For 2023 the Saddle Brown interior option is now available on the entry-level Luxe trim and an illuminated Infiniti grille emblem is now available on the mid-range Sensory trim. An optional Black Opal package, which covers the Q5o in a color-shifting iridescent black paint and blacks out all of the car’s exterior chrome with a satin black hue is also available.

None of the engine, transmission combos changed.

Sure, the week with the Sensory was good, but I did miss the Sport models looks and bump in power.  Of course, at a MSRP of $53,550, the 2023 Q50 Sensory would be easier on the bank account. During the week I was struck by the fact that while it was a good place to be, it’s time for the Q50 to undergo some upgrades. It’s starting to be a bit dated. A nice refresh or even a new redesign. Sadly, that doesn’t seem to be on the table for next year as it appears the 2023 model will carry over. And that’s sort of a shame. Let’s hope there is something on the drawing board at Infiniti for the future.


The 2021 Infiniti Q50 Red Sport All-Wheel Drive
MSRP: $57,750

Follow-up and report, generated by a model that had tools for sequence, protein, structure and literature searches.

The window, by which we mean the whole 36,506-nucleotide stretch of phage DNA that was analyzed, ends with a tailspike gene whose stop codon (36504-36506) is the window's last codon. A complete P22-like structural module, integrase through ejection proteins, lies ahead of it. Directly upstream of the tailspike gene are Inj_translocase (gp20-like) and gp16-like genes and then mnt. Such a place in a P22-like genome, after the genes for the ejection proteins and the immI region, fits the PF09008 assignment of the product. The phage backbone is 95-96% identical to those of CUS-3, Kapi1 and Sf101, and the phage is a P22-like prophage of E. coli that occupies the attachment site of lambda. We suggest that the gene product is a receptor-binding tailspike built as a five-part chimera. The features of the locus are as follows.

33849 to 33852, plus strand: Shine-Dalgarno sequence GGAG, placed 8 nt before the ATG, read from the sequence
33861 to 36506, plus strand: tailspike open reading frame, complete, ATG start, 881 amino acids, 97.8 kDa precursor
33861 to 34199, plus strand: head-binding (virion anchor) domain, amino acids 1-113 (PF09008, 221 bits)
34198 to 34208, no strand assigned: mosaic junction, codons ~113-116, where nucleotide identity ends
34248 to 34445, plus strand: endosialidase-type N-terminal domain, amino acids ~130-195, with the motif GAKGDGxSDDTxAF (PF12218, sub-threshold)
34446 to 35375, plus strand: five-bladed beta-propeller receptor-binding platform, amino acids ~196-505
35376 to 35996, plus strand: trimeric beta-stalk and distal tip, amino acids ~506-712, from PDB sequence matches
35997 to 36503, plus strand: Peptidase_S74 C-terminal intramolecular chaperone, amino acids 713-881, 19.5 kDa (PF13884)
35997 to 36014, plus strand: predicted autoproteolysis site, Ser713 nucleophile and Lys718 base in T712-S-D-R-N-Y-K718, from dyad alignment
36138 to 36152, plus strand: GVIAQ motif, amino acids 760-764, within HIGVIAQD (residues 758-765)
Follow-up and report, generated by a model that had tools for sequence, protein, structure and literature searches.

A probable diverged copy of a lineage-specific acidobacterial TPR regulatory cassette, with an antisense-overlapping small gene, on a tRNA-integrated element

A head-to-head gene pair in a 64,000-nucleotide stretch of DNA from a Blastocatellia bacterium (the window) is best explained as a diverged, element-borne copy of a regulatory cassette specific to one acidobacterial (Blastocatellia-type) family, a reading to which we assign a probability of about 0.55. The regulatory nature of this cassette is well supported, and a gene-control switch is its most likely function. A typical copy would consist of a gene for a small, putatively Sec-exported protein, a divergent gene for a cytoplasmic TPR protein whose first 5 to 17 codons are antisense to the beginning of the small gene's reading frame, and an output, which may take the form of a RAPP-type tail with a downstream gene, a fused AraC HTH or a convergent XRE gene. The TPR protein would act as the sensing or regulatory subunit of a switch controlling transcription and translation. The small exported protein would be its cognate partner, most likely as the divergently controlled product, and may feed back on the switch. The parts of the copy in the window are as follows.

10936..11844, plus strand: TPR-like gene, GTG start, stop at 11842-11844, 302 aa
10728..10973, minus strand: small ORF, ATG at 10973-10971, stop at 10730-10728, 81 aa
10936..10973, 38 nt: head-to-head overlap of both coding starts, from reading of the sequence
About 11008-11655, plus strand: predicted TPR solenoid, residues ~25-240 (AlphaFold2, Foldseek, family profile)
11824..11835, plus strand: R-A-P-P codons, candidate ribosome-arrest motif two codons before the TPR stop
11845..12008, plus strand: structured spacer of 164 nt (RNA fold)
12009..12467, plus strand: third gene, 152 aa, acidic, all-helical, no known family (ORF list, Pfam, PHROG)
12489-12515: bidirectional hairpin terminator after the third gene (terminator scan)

MSRP (as tested): $62,355
Engine (as tested): 3.0-liter turbocharged V-6 400 horsepower @ 6400 rpm, 350 ft-lb torque @1600 rpm
Transmission; 7-speed shiftable automatic
Fuel mileage (EPA): 26 highway, 19 city, 22 combined
Fuel mileage (as tested, mixed conditions): 25 mpg
Base Curb Weight (lbs.): 3855

Exterior Dimensions (inches)
Wheelbase: 112.2
Length, Overall: 189.6
Width, Max w/o mirrors: 71.8
Height, Overall: 56.8

Interior Dimensions
Passenger Capacity: 5
Passenger Volume (cu. ft.): 100
Front Head Room (in.): 39.5
Front Leg Room (in.): 44.5
Front Shoulder Room (in.): 56.7
Front Hip Room (in.): 53.2
Second Head Room (in.): 36.8
Second Leg Room (in.): 35.1
Second Shoulder Room (in.): 56.1
Second Hip Room (in.): 52.5
Trunk Volume (cu. ft.): 13.5

Basic Miles/km: 60,000
Basic Years: 4
Corrosion Miles/km: Unlimited
Corrosion Years: 7
Drivetrain Miles/km: 70,000
Drivetrain Years: 6
Roadside Assistance Miles/km: Unlimited
Roadside Assistance Years: 4

Greg Engle